At 8:15 a.m. at George Floyd Square, 16 people — mostly women — are perched on chairs, benches and couches in between the idled pumps at the Speedway, which is covered in graffiti and serves as a gathering space now.
They have met twice a day, every day, since Floyd died on the street under a cop’s knee just steps away.
Meet on the Street, they call it.
Neighbors who’d never met before now work together to keep the square safe, autonomous and organized. Their motto: No justice, no streets.
“There’s so many people here, it’s like a village,” says Marcia Howard, a 47-year-old mother who would normally be teaching high school but took a leave this fall to stay in “the zone,” as she calls it.
“We all have roles to play,” Howard says.
After Floyd died and protests erupted in Minneapolis, and then spread across the globe, the city put up cement barricades about a block from the scene in every direction to keep mourners safe. It’s proving much more difficult to remove those barricades, however. These community activists are demanding something new after decades of mass incarceration, which followed a century of Jim Crow, which followed centuries more of slavery.
Howard has been in the square about 20 hours a day all summer. This morning at the daily meeting, she’s explaining to the group how they’re going to deal with the city from now on. How “Black and brown people” in the group are going to take the lead, and if anyone doesn’t like it, they can leave.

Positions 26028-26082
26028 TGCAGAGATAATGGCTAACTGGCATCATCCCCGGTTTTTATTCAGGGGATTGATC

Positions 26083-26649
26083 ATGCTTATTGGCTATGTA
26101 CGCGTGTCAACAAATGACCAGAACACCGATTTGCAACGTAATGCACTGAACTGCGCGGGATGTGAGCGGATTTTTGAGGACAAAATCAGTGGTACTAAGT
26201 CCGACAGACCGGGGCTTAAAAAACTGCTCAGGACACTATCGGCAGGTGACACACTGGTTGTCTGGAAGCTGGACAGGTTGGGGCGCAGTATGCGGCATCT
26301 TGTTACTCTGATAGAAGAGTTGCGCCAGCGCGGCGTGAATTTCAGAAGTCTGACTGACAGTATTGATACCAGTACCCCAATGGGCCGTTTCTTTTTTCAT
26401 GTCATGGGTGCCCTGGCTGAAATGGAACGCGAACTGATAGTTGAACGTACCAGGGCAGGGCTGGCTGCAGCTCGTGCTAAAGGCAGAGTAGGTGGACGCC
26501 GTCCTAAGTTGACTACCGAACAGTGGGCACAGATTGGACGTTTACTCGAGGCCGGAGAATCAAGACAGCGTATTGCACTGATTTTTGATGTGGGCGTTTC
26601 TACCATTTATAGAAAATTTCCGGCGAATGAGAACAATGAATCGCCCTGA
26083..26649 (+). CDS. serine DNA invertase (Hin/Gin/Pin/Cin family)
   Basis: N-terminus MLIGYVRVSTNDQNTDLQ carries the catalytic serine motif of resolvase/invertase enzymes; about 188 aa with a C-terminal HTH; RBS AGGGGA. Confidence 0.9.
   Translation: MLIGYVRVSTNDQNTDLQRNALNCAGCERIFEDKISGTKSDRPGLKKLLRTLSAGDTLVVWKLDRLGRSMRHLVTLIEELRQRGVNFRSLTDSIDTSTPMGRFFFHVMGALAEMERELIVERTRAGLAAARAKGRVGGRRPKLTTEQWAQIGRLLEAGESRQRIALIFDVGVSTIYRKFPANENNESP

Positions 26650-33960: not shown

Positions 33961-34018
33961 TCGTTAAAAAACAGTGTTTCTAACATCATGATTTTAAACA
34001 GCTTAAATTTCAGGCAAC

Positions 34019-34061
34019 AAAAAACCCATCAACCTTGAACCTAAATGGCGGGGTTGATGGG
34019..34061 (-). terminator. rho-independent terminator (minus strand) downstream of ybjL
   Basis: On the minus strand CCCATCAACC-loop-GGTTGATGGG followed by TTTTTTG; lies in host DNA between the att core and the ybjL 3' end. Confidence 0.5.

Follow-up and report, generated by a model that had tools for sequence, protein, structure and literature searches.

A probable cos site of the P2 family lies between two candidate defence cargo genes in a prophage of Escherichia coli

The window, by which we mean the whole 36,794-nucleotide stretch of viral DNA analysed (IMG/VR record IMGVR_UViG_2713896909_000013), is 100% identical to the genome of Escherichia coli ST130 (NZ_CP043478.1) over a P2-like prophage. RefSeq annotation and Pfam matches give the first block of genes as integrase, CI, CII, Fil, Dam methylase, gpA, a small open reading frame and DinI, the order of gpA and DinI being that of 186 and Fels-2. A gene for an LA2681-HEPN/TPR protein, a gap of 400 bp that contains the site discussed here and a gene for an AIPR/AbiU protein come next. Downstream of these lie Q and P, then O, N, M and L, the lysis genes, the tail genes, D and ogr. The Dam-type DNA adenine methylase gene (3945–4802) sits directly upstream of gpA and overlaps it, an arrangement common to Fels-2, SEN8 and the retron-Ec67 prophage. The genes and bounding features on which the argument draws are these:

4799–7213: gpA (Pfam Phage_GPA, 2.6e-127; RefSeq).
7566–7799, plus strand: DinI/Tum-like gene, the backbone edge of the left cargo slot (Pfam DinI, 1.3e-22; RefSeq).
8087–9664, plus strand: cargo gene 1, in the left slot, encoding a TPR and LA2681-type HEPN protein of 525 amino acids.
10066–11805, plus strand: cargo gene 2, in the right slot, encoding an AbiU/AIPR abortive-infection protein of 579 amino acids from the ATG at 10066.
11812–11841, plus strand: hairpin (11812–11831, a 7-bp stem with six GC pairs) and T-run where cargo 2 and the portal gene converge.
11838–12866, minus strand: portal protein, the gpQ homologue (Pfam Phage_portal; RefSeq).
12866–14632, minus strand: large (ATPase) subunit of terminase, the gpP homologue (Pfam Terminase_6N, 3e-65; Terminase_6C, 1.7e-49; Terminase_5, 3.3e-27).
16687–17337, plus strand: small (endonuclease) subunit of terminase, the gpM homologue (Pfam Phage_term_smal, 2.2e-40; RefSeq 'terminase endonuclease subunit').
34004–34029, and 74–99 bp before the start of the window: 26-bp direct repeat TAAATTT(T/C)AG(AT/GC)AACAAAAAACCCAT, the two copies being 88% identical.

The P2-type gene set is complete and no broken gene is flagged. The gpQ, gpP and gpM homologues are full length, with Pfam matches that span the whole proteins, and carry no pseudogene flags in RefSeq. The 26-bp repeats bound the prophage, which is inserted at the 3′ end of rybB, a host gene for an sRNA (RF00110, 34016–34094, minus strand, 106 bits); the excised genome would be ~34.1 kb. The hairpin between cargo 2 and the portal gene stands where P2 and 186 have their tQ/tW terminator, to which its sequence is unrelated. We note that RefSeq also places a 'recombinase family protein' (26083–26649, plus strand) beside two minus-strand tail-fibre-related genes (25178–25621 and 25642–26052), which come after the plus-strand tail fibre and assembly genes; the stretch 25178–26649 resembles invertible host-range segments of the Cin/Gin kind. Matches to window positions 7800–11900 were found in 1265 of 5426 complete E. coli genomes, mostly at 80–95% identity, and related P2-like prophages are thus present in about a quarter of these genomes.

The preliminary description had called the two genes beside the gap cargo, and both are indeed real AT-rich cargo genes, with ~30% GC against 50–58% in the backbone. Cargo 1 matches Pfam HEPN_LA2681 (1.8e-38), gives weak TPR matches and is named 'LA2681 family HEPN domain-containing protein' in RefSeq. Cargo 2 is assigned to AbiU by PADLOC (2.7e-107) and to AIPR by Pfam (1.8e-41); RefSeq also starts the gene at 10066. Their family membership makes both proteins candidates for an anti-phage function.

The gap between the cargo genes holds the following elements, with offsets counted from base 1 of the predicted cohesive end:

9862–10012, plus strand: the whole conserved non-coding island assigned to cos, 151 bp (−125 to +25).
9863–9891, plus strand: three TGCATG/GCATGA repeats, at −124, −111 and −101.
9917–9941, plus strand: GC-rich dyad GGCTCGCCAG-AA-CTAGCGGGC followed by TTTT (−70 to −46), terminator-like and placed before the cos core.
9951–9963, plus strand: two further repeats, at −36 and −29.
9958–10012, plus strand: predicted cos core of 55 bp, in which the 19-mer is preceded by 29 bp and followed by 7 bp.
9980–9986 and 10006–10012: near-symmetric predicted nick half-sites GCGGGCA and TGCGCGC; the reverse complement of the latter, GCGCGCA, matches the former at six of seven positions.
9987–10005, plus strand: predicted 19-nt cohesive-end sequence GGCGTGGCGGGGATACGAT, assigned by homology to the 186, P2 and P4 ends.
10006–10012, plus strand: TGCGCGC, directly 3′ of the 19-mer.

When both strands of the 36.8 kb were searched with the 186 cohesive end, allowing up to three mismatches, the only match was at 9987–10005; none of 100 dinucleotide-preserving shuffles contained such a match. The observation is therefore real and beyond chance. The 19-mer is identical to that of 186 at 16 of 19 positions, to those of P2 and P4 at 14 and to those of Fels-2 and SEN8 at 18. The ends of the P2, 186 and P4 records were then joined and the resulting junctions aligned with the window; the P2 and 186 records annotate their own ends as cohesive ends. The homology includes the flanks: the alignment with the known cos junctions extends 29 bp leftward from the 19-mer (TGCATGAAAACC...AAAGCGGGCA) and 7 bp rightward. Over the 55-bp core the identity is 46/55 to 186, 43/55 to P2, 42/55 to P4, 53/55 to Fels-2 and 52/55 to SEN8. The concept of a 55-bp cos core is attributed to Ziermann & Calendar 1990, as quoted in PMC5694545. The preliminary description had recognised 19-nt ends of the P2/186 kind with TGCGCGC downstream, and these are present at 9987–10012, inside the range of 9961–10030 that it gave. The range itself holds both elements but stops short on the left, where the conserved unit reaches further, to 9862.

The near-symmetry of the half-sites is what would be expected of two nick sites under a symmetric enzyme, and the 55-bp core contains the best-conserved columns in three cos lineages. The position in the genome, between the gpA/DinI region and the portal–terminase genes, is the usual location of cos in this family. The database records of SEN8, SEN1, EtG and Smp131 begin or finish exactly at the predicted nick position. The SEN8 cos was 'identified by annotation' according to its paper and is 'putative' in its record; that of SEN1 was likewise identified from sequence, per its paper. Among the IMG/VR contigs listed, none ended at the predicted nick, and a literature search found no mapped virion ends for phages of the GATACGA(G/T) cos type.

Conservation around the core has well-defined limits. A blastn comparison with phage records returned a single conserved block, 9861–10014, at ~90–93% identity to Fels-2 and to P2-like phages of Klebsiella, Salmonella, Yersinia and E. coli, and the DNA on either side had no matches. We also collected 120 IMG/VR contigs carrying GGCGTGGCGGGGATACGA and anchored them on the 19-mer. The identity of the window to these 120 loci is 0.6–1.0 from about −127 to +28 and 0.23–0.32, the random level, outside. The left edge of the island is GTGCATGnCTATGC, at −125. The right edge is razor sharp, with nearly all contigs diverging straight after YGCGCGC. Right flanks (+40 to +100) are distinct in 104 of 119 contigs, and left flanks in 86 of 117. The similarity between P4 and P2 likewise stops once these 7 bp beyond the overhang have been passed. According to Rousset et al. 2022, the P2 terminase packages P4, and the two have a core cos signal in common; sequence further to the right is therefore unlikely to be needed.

“It’s easy to say, ‘Listen to Black people,’ ” she says. “If you aren’t comfortable with Black women leading, step aside. We’ve tried it every other way.”
The city seems to be looking for a “magical Negro” to help end the conflict, she says. Some in the group have even been offered jobs. “I think they think this is politics as usual,” she says.
The group has been negotiating with city officials about ceding the intersection of Chicago Avenue and 38th Street, and several blocks surrounding it.
In early August, city officials told them they were planning to reopen the intersection in phases, starting with 38th Street, and gave the group 24 hours to respond.
Meet on the Street came back with a long list of demands in a “justice resolution,” which was later revised to include $156 million worth of programs over a decade. The city backed away from reopening.
While Seattle protesters were making headlines taking over a police precinct and creating the six-block “Capitol Hill Autonomous Zone,” or CHOP, people from this south Minneapolis neighborhood were quietly mourning and organizing a more solemn autonomous zone. Police steered clear, so they set up a volunteer security force. A chef coordinates meals for the volunteers “holding space” at the barricades. Two bus stops have been converted into a library and clothing giveaway. Items left at the memorial are carefully gathered up and stored.
And while Seattle police returned to the CHOP three months ago and dismantled it after a shooting, George Floyd Square continues to be controlled by residents who rarely call the police.